Annual average GDP growth is at a seven-yearlow, but economic forecasters appear to have broadly accepted the ReserveBank’s commitment to raising interest rates higher. This combination suggeststo us that the Reserve Bank has explicitly grown less accepting of medium-terminflation pressure, and that it has largely convinced the market that anaggressive stance is necessary.
In justifying the "likely" need for arate increase in March, the Reserve Bank pointed to a "resurgent housingmarket" and a rebound in domestic demand. Business confidence and consumerconfidence, which tend to be good leading indicators of activity, have bothimproved to multi-year highs.
However, the Reserve Bank could beaccused of cherry-picking the data. Some of the "big" statistical measuresshow continuing weakness in the economy. The economy grew at an annualisedrate of just 1.2% over the last two quarters, there was no employment growthover the same period, and despite a strong result in the December quarter,growth in retail activity has weakened substantially over the last year (inaccordance with the Bank’s intentions). Crucially, headline inflation, andmeasures of core inflation, have both eased recently (see Graph 9.1).
Historically, there has been a stronglink between headline rates of inflation and contemporaneous interest ratedecisions. This relationship is not purely reactionary â€“ the Reserve Bank’sinflation forecasts emphasise the role of inflation expectations in determiningfuture inflation outcomes, and expectations are themselves conditioned oncurrent inflation levels. But it does suggest that the Bank has tended tofocus more on short-term than medium-term inflation (despite its mandate forthe latter).
With that in mind, a decision to raiserates during a period of falling headline inflation would be highly abnormal(especially with a backdrop of weak economic growth). It is somewhatsurprising, then, that this move has been met with a begrudging acceptance byfinancial markets. In contrast, the Reserve Bank received sharp criticism whenit last raised interest rates in December 2005.
We take two things from this. Firstly,it is clear that the consensus outlook for New Zealand has improved sharply â€“it is widely accepted that the economy is robust enough to raise rates withoutrisking a recession.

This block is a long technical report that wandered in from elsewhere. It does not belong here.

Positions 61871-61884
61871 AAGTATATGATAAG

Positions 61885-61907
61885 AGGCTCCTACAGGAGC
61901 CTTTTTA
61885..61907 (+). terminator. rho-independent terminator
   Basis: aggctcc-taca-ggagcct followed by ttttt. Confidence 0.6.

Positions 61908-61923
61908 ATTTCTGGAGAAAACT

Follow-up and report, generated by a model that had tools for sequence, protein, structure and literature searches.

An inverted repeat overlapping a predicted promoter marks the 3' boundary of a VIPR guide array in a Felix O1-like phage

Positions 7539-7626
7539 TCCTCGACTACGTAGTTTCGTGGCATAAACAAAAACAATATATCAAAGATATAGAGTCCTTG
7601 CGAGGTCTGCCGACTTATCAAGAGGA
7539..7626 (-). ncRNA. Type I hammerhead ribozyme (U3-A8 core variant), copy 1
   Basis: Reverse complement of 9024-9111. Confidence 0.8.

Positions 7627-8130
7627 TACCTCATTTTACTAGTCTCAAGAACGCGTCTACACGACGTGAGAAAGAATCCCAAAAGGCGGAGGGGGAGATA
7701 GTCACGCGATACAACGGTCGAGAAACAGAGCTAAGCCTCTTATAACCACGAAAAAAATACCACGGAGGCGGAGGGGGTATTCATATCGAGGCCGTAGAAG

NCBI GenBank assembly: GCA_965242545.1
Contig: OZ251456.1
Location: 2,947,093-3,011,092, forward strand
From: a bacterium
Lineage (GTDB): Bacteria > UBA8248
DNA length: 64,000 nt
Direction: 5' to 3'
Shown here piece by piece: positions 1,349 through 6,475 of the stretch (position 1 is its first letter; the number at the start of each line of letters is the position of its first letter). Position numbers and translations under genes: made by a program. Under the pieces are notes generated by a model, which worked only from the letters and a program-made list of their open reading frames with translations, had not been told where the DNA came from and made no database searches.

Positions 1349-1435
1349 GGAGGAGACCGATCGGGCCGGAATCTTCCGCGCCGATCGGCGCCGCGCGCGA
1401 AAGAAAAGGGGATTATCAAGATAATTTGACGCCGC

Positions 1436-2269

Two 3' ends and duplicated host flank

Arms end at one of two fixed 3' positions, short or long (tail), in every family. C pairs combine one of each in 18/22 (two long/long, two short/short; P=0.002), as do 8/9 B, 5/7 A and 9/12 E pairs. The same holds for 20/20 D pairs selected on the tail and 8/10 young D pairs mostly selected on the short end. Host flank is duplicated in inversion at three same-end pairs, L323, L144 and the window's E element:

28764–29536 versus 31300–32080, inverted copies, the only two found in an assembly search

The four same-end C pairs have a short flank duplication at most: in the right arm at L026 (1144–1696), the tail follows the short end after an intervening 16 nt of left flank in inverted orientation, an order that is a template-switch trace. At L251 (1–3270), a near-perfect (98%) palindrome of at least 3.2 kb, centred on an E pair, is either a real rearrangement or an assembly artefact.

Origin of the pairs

Secondly, the Reserve Bank has toned upits communication skills. With hindsight, it is clear that the last fourpolicy statements have built a consensus in favour of higher interest rates. The Bank has shaped the discussion by concentrating on the bullish economicindicators, although an alternative and equally plausible campaign for easierpolicy could have been mounted by focusing on the indications of economicweakness. Leading the market by the nose has allowed the Bank to moreeffectively shape interest rate expectations and thus the yield curve (see Graph9.2).
To what aim has the Reserve Bank shiftedmarket opinion? The best explanation for increasing rates now, even asheadline inflation is starting to ease, is that the Bank is putting a greateremphasis on the medium-term inflation risk (as revealed by the increasingnumber of references to "medium-term" in recent policy statements).
With a starting point of uncomfortablyhigh inflation expectations and little spare capacity, the Bank knows that areacceleration in economic growth threatens to cement medium-term inflation ataround 3%pa. This should be an unacceptable outcome for the Bank, given thattheir inflation target implies average inflation of 2%pa. However, judging bythe Reserve Bank’s own forecasts of future inflation, their adherence to thatpolicy goal appears to have weakened substantially in recent years.
It is highly problematic for the Bank totolerate medium-term inflation outcomes between 2.5% and 3%pa, as the Bank hasbeen forecasting for the last three years, while notionally committing to amedium-term upper limit on inflation of 3%pa. With so little headroom tomanoeuvre, the Bank is forced to either be more tolerant of (inevitable)inflation outcomes above 3%pa, or to respond more aggressively to newinflationary threats. Neither is an optimal policy approach.
Building the case now for a strongermedium-term focus is a convenient way of ignoring the short-term impact fromlower petrol prices, a rising dollar, and earlier economic weakness (thecombined effect will be to push headline inflation temporarily below 2%), whichwould normally create public pressure for interest rate cuts.
However, there can be little doubt thatthere is a genuine need for the Reserve Bank to reverse the trend towards everhigher rates of medium-term inflation. With short-term economic indicators nowlooking more promising, the Reserve Bank may very well judge that the economyis fundamentally sound enough to bear a sustained push of tighter monetarypolicy with the aim of stamping out inflation.
 For further discussion of this point, see David Grimmond, "Does the Reserve Bank spend too much time looking in the rear-viewmirror?".
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